Ever since this time, controversy has raged about whether cougars are really gone from the Appalachians. While cougars still exist elsewhere in North America and far from central Appalachia, the US Fish and Wildlife Service formally listed the Eastern Cougar as extinct in 2011. This was a decision that raised the ire of people all across the Appalachians and the East that claimed that cougars still live among us, some even claiming that these animals are still present in large numbers. While none of the above information on the history of the cougar in the East sheds light on why this difference in opinion exists, it’s an important starting point for understanding why so many of the reasons people have for claiming that cougars are still present are likely wrong. Below, we’ll expand on the above information and address these myths one by one.

Myth #1: Cougars have to still be present in the Appalachians since it’s presumptuous to believe that humans would be capable of totally wiping out a species.

Out of all the myths explaining why cougars are still present in the East, this one is probably the easiest to debunk. In a nutshell, this claim is used to support the presence of cougars in the East since it says that there’s no way humans would be able to drive a once widespread and abundant species to extinction. To understand why this is such a false idea, though, you have to look no further than our own region and its recent history. Since the arrival of European settlers in Appalachia, particularly in large numbers in the 1700s and 1800s, our region has been a textbook example of how humans can wipe a species out. As but a few examples, species like elk, bison, passenger pigeons, and the beautiful Carolina parakeet all used to be relatively abundant in our region but were wiped out remarkably fast in huge numbers, mostly thanks to overhunting.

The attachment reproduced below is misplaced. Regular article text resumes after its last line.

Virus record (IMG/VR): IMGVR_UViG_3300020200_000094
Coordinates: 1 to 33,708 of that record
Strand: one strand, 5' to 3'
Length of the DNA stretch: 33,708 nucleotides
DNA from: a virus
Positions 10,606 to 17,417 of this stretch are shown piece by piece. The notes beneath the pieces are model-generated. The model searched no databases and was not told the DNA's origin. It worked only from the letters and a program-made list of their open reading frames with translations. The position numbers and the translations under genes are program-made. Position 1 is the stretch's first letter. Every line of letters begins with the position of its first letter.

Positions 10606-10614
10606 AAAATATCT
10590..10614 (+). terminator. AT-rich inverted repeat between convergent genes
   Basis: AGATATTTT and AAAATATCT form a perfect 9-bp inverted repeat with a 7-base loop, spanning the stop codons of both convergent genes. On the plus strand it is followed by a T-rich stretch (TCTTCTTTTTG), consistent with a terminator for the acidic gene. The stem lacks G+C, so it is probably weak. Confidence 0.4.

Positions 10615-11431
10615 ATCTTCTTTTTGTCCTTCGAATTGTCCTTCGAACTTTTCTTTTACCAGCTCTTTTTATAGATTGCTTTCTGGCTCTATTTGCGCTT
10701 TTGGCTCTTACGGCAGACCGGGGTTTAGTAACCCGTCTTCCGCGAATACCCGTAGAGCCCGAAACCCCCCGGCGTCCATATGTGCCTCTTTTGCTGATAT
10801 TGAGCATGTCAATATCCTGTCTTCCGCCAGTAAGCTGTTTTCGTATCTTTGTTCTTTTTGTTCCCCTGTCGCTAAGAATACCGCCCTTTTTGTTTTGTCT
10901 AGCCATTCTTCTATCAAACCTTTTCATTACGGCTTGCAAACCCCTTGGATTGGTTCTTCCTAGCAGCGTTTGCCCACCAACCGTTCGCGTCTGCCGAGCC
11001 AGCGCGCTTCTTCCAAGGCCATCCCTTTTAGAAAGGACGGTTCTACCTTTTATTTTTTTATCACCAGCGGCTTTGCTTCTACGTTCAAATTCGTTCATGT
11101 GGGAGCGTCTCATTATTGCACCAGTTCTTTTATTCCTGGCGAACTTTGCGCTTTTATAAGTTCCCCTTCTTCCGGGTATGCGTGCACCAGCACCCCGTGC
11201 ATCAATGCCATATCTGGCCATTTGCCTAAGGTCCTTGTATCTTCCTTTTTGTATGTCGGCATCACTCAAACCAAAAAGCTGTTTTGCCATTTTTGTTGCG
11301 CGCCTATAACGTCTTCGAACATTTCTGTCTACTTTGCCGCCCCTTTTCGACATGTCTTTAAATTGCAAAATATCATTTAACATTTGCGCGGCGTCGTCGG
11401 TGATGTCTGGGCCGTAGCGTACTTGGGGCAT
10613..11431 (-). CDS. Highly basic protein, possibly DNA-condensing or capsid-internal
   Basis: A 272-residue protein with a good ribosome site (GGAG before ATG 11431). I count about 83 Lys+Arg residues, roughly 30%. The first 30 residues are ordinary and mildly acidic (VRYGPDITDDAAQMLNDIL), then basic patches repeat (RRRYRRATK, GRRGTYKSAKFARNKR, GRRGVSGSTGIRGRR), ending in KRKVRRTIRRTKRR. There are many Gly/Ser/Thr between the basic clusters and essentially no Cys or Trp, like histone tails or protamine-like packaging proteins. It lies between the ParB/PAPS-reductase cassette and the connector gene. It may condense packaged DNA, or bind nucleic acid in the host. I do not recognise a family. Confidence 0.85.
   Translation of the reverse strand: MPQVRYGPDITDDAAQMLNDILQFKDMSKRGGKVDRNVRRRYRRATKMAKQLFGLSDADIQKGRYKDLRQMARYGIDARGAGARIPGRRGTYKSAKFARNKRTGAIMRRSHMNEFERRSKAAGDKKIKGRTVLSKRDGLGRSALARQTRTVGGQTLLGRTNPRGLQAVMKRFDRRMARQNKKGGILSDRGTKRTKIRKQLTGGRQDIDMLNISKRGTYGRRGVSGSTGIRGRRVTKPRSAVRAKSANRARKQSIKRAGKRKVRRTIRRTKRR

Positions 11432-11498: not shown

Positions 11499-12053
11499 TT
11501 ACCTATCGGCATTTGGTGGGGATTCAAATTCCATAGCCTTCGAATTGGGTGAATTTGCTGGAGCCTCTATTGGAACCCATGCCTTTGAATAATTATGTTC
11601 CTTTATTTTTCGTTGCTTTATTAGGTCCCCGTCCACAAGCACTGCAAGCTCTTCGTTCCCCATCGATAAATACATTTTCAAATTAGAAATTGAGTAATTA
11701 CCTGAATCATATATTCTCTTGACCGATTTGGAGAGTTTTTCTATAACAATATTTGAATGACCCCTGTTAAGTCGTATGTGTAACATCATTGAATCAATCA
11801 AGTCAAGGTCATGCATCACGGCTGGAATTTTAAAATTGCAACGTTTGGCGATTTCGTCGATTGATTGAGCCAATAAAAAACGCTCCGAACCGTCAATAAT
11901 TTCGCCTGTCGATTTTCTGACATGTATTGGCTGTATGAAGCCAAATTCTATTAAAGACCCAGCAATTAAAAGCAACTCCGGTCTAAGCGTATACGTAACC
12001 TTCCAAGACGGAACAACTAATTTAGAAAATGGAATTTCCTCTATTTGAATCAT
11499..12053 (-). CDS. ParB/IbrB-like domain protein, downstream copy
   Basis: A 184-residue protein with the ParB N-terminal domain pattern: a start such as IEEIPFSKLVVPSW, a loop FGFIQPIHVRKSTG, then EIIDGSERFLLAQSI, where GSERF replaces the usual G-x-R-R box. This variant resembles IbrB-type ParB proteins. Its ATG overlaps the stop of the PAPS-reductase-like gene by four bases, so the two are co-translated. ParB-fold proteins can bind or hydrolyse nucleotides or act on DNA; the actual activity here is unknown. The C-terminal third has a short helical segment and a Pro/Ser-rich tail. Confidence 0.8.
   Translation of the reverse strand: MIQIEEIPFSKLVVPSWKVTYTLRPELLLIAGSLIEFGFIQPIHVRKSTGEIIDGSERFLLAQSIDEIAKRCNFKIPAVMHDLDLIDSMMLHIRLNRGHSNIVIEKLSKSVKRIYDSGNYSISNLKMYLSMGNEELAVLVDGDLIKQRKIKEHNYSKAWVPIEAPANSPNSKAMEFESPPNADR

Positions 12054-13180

Cougars are no different. Just like overharvesting killed off (or helped to kill off) all of the above species, the same thing has occurred with cougars in the East. A common counterargument to this claim is that cougars are still present in the mountains but have the ability to “hide” in deep, isolated hollows far from human settlements. The problems with this claim, though, are that even our most isolated parts of the mountains are still traveled frequently by biologists, rock climbers, hikers, hunters, and anglers…which brings us to…

Myth #2: Cougars are present in the mountains – it’s just that wildlife biologists are too inept to find them or too smug to try.

This claim goes hand-in-hand with the myth above about isolated populations of cougars lurking in way-back hollows and claims that wildlife biologists either laugh off public cougar reports or are too impotent when it comes to their survey skills to find them. This myth, though, is wrong on both counts. State wildlife agencies all across the Appalachians, in fact, routinely perform work to verify public sightings of cougars, and large-scale studies involving genetic evidence and other sources of data have been performed in the past to understand if the Eastern Cougar might still be around.

The conclusions from all of these studies have been clear: it is very, very – almost certainly – likely that any reproducing populations of cougars are gone from the East.